“We must improve exchanges between the two shores, give writers, even from the young generation, a chance to be better known by a French readership”pleads this enthusiast of the French language. He himself translated into Arabic the work of the poets Francis Ponge and René Char, but also Diary pages by André Gide“an invaluable document for knowing the history of Tunisia during the two world wars and the period of the German occupation”, details the writer.

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“The younger generation is more turned towards English and the use of French is dwindling, he adds. Translating French writers therefore makes it possible to safeguard a heritage in a different way. » “La francophonie is not only about reading, writing or speaking in French, it is also about discovering plural French-speaking cultures in other languages”, adds Sarra Ghorbal.

The attaché for the IFT book also insists on the need to make French readers better acquainted with classics of Arabic literature such as historical fiction Barg-Ellil written by the Tunisian novelist Béchir Khraïef. The book tells the story of a black slave in the 16thand century that gains its freedom and leaves to discover the world.

A new dynamic

The Livre entre deux rives partnership has also paved the way for the translation of more contemporary works such as comics The legend of Chbayah, a Tunisian revolt. Written by Tunisian illustrator Seifeddine Nechi and screenwriter Aymen Mbarek, the comic was published by the publishing house Alifbata, created in 2015 and which aims to make Arab comics better known through its translation. The book has been distributed in France since January 2022 and the two Arabic and French versions have been published simultaneously, a necessity in the eyes of Seifeddine Nechi due to a Tunisian market that is too small for comics.

The story revolves around an anonymous character, Chbayah (little ghost), who hacked the radio frequencies of the Tunisian police during the bread riots in 1984. He remained a reference for the two authors who knew how to embroider a historical fiction around this figure. For the translation from literary Arabic to French, they chose not to put onomatopoeia unlike other comics. “It’s very complicated to imagine the sounds and exclamations from one language to another, says Seif Eddine Nechi. There are many cultural specificities. We have therefore decided not to put any at all to allow a real immersion to the reader. »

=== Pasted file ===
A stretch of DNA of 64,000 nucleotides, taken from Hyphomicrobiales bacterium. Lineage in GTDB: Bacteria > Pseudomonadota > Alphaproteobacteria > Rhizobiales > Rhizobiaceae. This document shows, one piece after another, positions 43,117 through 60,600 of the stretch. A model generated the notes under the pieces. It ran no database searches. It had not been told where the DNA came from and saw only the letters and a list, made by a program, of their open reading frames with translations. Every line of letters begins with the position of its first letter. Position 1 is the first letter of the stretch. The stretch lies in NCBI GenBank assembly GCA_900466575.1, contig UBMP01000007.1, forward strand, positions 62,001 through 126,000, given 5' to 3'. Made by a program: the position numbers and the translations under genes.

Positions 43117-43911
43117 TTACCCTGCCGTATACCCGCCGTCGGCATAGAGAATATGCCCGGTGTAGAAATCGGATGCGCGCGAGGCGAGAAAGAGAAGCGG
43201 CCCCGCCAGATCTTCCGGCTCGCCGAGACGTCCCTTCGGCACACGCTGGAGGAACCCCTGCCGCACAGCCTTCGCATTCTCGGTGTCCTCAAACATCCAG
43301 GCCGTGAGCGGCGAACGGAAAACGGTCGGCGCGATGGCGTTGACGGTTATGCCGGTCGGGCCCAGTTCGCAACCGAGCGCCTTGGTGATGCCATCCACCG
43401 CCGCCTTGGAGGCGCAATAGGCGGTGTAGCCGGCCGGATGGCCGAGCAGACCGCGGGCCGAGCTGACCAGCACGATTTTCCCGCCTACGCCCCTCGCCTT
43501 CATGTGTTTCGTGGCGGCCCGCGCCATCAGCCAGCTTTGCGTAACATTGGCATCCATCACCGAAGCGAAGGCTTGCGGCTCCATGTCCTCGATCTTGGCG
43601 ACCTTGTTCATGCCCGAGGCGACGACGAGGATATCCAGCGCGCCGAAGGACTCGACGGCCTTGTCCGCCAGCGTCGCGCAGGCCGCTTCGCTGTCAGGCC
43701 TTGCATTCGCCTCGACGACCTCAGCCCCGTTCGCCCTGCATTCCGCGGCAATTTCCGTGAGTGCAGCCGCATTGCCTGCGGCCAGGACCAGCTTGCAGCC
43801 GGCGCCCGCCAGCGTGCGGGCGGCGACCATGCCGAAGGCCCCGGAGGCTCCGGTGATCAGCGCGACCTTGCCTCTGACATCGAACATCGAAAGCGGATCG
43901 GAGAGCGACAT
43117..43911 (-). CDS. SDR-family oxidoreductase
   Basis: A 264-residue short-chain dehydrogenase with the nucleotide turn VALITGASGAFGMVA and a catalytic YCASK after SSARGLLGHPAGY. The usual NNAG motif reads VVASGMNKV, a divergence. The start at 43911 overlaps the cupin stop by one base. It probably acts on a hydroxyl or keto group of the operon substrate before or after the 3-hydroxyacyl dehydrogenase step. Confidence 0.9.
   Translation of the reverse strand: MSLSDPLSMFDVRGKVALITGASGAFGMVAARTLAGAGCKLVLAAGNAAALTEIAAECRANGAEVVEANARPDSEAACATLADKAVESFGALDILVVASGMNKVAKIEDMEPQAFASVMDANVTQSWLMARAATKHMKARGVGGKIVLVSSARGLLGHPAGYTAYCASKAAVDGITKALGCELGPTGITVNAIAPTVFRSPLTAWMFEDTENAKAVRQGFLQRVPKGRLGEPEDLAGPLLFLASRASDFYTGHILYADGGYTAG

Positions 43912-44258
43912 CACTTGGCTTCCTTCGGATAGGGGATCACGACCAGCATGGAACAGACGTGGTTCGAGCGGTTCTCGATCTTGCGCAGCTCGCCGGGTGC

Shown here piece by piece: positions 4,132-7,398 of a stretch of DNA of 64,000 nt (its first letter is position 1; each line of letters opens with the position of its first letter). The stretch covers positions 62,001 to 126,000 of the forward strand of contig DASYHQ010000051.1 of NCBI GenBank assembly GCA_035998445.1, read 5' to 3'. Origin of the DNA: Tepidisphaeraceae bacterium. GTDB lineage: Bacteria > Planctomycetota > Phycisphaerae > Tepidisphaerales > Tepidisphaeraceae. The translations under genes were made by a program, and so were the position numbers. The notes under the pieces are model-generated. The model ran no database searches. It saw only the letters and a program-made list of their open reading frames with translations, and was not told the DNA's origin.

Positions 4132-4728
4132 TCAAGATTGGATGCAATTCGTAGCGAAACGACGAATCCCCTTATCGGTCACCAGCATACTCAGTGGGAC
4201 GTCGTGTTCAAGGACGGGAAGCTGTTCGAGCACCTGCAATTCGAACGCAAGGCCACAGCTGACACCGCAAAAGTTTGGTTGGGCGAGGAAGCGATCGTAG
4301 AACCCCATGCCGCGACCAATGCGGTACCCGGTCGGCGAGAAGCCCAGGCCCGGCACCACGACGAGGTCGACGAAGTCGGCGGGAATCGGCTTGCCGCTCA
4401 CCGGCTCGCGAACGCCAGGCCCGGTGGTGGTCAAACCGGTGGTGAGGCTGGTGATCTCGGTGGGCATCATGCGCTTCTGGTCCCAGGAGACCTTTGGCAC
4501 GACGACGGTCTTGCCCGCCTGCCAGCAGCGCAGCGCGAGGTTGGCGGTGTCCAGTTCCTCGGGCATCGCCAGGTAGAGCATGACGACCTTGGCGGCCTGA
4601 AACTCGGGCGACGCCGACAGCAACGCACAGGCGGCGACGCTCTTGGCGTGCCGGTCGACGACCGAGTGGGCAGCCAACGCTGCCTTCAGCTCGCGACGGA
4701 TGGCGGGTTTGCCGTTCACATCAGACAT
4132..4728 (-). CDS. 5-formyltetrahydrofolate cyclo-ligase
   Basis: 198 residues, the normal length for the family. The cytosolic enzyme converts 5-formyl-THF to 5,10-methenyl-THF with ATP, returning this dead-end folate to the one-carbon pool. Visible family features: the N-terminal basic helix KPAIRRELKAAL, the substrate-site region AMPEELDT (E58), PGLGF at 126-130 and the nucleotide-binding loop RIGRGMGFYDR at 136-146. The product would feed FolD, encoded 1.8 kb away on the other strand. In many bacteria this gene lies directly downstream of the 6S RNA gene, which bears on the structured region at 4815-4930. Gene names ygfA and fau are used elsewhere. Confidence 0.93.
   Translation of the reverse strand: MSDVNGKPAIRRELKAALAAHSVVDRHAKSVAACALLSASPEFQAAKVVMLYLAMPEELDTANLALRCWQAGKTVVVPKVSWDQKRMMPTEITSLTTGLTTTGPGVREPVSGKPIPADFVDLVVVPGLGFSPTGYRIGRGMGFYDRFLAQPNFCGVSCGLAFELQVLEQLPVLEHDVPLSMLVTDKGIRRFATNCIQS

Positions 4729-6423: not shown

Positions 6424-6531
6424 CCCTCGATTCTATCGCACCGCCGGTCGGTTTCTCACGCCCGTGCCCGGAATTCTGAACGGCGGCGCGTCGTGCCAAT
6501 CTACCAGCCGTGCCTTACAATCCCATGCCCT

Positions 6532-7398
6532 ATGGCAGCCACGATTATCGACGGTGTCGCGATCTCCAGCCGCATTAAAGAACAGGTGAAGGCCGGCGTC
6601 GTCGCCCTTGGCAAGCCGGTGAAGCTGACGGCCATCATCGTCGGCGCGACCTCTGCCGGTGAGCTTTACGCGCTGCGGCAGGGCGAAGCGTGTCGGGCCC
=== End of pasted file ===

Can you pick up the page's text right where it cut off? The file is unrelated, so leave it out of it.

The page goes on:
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The question of the technicality of the translation between Arabic and French also presents a challenge for Walid Soliman who translated A fierce freedom by Annick Cojean. “There are a lot of particular vocabulary and metaphors, he explains. So you really have to draw on ancient Arabic to find the equivalent or even create neologisms. » Mr. Soliman is translating the essay King Kong Theory by Virginie Despentes for a Moroccan publishing house.

The partnership between the two countries in terms of translation, however, seems to have given rise to a new dynamic, underlines the publisher Habib Zoghbi, who now wishes to translate into Arabic The Pillar of Salt (ed. Corrêa 1953, ed. Gallimard 1966), the fictionalized autobiography of the Franco-Tunisian author Albert Memmi whose preface Albert Camus wrote. “We hope to contribute at our level to the training of a young generation of Tunisian translators translating from French into Arabic or from Arabic into French and thus ensure the next generation”, says Sarra Ghorbal.

This article was produced as part of a partnership with Maghreb des livres. Discover the program: